Trade, foreign policy, diplomacy and health

7. International Law

David P Fidler


Conclusion (1)

Three trends for future of international law:

  • Creation/refinement of traditional international legal instruments Developing countries will need to devote more attention to international law and public health
  • Public health controversies and conflicts
  • New forms of governance regimes will appear

Three trends will likely characterize the foreseeable future of international law's role in the production of GPGH.

  • The creation and refinement of traditional international legal instruments, namely treaties, on public health issues. Within the WHO, the role of international law will be defined by how member states revise the IHR and develop the FCTC. Outside the WHO, treaty making and refinement will also continue to occur, such as Kyoto.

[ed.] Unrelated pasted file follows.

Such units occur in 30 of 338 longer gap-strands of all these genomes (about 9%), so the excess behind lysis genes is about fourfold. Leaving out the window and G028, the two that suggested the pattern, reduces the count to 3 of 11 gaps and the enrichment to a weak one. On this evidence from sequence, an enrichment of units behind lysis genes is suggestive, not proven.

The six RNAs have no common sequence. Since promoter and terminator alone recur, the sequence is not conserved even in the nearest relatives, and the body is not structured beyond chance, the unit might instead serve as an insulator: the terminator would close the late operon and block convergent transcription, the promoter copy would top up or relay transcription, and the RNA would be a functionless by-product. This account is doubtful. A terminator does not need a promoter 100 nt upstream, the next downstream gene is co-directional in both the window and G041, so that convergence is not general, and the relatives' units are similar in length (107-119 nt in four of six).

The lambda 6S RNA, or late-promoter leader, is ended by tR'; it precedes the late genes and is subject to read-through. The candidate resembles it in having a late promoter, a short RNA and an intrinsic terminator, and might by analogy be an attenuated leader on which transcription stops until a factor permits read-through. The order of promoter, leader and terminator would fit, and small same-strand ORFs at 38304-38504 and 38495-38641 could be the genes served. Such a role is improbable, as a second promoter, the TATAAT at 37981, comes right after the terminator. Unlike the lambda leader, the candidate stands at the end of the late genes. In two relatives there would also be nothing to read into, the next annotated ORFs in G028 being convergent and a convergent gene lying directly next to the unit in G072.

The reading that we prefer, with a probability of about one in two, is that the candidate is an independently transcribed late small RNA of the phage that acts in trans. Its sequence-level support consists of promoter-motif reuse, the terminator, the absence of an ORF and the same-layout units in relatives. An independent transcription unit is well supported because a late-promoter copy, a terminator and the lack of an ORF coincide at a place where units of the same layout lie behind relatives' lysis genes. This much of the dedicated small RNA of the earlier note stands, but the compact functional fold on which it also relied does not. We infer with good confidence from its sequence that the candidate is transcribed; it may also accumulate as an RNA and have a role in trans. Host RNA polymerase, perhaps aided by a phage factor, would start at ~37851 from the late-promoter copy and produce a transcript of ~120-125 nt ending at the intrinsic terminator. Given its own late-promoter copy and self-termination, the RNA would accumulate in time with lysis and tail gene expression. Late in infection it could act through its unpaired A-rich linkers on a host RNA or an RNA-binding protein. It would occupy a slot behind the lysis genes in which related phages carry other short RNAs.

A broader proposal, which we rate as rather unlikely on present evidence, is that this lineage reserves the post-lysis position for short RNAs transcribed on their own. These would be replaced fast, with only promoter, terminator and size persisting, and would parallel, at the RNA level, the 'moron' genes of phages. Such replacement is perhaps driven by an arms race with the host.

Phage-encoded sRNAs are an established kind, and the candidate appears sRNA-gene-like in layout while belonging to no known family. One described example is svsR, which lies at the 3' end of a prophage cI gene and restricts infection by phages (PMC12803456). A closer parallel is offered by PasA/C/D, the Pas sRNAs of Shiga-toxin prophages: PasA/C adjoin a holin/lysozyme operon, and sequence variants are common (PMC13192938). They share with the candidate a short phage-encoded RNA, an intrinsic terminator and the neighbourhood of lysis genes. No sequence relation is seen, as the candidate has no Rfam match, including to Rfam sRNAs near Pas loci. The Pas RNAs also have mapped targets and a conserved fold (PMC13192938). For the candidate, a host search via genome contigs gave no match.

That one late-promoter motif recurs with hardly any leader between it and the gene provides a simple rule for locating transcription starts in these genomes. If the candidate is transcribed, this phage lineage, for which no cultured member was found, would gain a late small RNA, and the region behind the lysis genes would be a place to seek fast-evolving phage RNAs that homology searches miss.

• Public health controversies and conflicts will continue in many international legal regimes bearing on public health, such as international trade law (eg essential drugs and intellectual property protection under WTO).
  • New forms of governance regimes will appear that will present public health with institutions, rules, and procedures different from the traditional international legal model represented by treaties and IGOs (eg Global Fund to Fight AIDS, Malaria, and Tuberculosis and the public-private partnership to reduce costs of second-line tuberculosis drugs and ensure their proper use.

Whether refinement of existing international legal regimes and the creation of new ones will constitute progress in the production of GPGH, especially for developing countries, is by no means certain. The implication of the analysis presented here is that developing countries need to devote more attention to international law and public health, particularly as it relates to the three trends described above.

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